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Near-term market sentiment: Still bullish. Third quarter corporate earnings have been strong, particularly for the large U.S tech stocks that have been leading the S&P500 to new highs throughout the year. Brent crude is over $60 a barrel on speculation that Saudi Arabia and Russia are happy to extend their current output caps. Industrial metals are responding to strong demand and supply cut backs in China, as Beijing attempts to limit excess production. There is progress in Washington over President Trump’s plans to reform and cut taxes. In Spain, Prime Minister Rajoy appears to have trumped the Catalan separatists by offering regional elections that may neutralise the recent referendum. Investor confidence in risk assets continues.

As I wrote in the last note, the key arguments that support further stock market gains, and continued demand for higher yielding bonds, are:

Global GDP growth is strong. Last month, the IMF upgraded its estimate of world GDP growth to 3.6% over 2016. It had been 3.2% at the start of the year.
This feeds through into higher corporate profits, which supports stock market valuations and company’s credit ratings.
Bank account cash rates and bond yields look set remain low, because low global inflation means that there is little pressure on central banks to raise interest rates by anything more than token amounts.
Indeed, central banks everywhere remain in a deeply forgiving mode as far as investors are concerned. In the U.S, the Fed’s unwinding of its QE program, due to start this month, will be done at a slow pace in order not to raise bond yields and hurt economic growth. The likely replacement of Janet Yellen as Chair of the Fed is Jerome Powell, a known dove on monetary policy.

In the euro zone, the ECB has announced an extension of Q.E until at least September 2018 (although at a reduced rate from January of EUR 30 bn a month of bond purchases).

The Bank of England looks set to raise interest rates on 2nd November by 25bps, and so reversing the post-E.U referendum cut. But many analysts believe the Bank will hold rates thereafter, in view of the weakening U.K economy and expectations that CPI inflation of 2.9% y/y will fall back over the coming months as the impact of last year’s fall in sterling on import prices works its way out of year-on-year price measurements.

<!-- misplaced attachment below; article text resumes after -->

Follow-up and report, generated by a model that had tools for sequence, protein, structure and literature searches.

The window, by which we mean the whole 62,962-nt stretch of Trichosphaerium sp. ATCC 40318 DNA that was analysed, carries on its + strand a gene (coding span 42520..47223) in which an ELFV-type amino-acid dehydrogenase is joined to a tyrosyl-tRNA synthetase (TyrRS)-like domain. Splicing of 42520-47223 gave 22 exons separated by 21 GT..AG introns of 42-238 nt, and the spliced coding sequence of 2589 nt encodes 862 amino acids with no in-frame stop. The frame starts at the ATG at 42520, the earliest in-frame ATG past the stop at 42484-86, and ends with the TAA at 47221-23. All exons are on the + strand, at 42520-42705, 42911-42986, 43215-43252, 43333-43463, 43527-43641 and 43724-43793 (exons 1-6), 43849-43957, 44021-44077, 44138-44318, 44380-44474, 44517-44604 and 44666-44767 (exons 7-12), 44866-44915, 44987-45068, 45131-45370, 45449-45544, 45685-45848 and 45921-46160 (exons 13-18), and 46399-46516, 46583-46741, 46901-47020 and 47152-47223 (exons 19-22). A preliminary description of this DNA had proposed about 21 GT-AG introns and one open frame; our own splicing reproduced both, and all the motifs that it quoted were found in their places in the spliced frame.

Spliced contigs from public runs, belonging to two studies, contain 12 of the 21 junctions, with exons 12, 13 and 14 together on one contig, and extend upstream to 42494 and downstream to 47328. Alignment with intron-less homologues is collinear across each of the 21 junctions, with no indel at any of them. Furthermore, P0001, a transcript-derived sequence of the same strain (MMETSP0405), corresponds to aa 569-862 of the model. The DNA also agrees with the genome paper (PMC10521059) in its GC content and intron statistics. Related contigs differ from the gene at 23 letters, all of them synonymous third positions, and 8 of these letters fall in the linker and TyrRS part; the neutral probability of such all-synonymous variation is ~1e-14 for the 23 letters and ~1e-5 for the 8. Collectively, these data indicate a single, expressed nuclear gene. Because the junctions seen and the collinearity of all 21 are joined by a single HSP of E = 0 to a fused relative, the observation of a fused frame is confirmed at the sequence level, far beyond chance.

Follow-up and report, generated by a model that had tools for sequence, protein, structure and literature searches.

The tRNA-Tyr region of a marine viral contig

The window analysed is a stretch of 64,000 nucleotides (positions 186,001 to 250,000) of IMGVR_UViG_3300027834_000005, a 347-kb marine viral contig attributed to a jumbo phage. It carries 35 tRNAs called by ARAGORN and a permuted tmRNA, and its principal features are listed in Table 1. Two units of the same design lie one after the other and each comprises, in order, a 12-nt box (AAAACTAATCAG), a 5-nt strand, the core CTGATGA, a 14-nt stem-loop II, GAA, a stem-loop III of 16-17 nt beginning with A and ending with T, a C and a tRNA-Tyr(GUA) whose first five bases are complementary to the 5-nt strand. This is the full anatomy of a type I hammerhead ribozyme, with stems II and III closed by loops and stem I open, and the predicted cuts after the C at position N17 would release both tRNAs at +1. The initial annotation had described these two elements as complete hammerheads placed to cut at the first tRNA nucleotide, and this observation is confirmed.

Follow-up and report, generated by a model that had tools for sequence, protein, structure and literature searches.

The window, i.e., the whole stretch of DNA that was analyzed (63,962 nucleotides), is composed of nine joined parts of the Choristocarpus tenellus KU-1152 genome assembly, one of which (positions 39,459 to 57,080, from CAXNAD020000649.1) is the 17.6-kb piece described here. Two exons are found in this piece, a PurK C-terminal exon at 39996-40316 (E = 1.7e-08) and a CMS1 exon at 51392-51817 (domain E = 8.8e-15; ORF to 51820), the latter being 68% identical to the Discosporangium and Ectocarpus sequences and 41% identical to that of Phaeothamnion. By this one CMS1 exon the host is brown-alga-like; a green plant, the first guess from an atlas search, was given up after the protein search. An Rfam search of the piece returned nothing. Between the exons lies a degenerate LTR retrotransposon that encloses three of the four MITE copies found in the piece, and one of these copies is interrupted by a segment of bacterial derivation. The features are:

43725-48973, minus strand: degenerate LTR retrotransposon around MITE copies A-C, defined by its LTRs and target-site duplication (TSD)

Can this bull market persist? Sooner or later this bull market will end, perhaps prompted by a fall in bond prices if relaxed central bank monetary policy allows a steady upward rift in inflation. But this is not likely to be a problem over the coming 12 months or so, and with no clear trigger in sight to cause a sell-off of bonds that would then undermine equities, it is premature to take risk off the table. Annoyingly, even if one wanted to go into defensive asset classes it is difficult to find any at the moment that will deliver a real return (ie, after inflation is taken into account).

Brexit and sterling. The Brexit negotiations between the U.K and E.U appear to be at an impasse. This, together with the Bank of England’s likely unwillingness to raise interest rates in view of weakening domestic demand, means sterling may again become a ‘big short’. The next test for sterling will be December’s E.U summit meeting. If no agreement is made then to move talks on in order to discuss a transition arrangement, and the final trade deal that the U.K can expect to have with the E.U, sterling will suffer renewed pressure.

At the heart of the impasse is the U.K’s reluctance to agree the divorce bill before the E.U has first outlined what type of trade deal it will offer Britain. Like a game of poker, London clearly sees the amount it offers as a bargaining chip. Perhaps the only one it has of any significance. The E.U wants the bill to be paid first, so it is not linked to discussions on trade. The longer this continues, the more likely there is of a ‘no deal’ outcome to Brexit negotiations, which many economists see as being the most dangerous to the U.K economy.

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